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J R Soc Interface. 2008 Jun 6;5(23):653-62.

Eliminating human tuberculosis in the twenty-first century.

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  • 1HIV/AIDS, Tuberculosis and Malaria, World Health Organization, Avenue Appia 20, 1211 Geneva 27, Switzerland.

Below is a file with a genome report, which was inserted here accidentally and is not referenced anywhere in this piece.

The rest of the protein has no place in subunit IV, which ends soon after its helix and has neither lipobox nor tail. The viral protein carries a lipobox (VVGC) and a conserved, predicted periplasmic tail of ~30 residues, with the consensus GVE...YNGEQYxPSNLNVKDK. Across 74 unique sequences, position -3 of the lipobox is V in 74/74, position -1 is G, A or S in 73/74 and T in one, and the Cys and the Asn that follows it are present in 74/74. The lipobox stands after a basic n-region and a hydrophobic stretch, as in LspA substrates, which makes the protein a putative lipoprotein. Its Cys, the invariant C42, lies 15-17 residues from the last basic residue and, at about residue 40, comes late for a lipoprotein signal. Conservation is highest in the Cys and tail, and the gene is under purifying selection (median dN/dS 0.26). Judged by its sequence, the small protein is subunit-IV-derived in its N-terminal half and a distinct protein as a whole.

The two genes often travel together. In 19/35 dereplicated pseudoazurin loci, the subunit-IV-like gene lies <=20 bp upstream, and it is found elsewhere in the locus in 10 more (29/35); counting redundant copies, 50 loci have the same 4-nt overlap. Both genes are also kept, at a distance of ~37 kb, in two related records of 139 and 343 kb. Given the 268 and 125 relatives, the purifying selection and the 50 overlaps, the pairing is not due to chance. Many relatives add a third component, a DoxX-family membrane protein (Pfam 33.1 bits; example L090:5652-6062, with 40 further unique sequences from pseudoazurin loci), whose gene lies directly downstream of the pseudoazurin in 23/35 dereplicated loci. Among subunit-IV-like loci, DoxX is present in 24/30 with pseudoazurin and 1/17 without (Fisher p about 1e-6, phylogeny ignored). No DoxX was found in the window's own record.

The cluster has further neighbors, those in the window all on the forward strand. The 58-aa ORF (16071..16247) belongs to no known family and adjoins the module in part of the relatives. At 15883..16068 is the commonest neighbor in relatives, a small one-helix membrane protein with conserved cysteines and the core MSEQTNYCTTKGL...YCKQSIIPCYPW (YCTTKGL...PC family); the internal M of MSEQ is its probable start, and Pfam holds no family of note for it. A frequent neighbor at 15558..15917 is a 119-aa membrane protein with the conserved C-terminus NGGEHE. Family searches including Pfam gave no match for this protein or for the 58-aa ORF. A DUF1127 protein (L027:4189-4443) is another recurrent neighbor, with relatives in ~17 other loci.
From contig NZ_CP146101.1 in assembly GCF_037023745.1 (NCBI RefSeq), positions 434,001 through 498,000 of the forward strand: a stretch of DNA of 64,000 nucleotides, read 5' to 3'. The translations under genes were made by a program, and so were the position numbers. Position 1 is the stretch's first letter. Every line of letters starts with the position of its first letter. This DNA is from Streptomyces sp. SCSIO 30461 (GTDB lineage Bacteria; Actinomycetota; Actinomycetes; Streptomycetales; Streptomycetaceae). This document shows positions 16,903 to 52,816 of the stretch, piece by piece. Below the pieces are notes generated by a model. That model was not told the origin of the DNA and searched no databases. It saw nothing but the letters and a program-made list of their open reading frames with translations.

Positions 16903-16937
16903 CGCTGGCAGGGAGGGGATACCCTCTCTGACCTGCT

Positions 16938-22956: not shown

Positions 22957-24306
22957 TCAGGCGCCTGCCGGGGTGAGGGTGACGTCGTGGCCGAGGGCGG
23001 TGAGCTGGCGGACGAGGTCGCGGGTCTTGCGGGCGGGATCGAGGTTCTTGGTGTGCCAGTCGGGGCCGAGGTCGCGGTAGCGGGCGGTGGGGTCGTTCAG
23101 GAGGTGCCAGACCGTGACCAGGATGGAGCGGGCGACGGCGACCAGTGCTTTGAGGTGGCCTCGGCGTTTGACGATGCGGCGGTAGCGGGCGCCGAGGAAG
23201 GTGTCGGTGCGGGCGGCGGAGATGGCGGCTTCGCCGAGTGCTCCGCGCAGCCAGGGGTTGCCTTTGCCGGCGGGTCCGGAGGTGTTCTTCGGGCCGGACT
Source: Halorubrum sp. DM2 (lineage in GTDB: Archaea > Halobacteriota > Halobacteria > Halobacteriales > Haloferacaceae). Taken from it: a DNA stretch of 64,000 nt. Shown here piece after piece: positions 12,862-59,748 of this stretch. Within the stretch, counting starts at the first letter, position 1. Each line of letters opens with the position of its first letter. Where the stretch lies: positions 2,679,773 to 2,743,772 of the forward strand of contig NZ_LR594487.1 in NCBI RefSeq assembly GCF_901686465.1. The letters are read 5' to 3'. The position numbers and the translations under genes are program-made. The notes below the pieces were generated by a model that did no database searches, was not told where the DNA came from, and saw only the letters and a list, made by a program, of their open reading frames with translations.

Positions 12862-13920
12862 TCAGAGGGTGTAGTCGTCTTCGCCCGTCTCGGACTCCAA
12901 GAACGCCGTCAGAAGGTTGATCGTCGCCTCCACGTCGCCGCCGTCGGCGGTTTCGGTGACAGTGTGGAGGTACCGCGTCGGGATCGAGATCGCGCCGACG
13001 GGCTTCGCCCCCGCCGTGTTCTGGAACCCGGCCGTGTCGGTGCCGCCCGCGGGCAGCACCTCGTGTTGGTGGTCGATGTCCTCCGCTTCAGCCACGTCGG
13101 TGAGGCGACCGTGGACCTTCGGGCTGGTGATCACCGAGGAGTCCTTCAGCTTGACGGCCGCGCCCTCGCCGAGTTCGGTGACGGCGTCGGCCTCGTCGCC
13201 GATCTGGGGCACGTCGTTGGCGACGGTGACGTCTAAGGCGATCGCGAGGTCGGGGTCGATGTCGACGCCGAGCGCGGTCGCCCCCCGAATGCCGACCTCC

Recognizing that tuberculosis (TB) is still the leading cause of human death from a curable infection, the international health community has set ambitious targets for disease control. One target is to eliminate TB by 2050; that is, to cut the annual incidence of new cases to less than 1 per million population. National TB control programmes are working to eliminate TB mainly by intensifying efforts to find and cure patients with active disease. Here, we use mathematical modelling to show that, while most TB patients can be cured with present drug regimens, the 2050 target is far more likely to be achieved with a combination of diagnostics, drugs and vaccines that can detect and treat both latent infection and active disease. We find that the coupling of control methods is particularly effective because treatments for latent infection and active disease act in synergy. This synergistic effect offers new perspectives on the cost-effectiveness of treating latent TB infection and the impact of possible new TB vaccines. Our results should be a stimulus to those who develop, manufacture and implement new technology for TB control, and to their financial donors.

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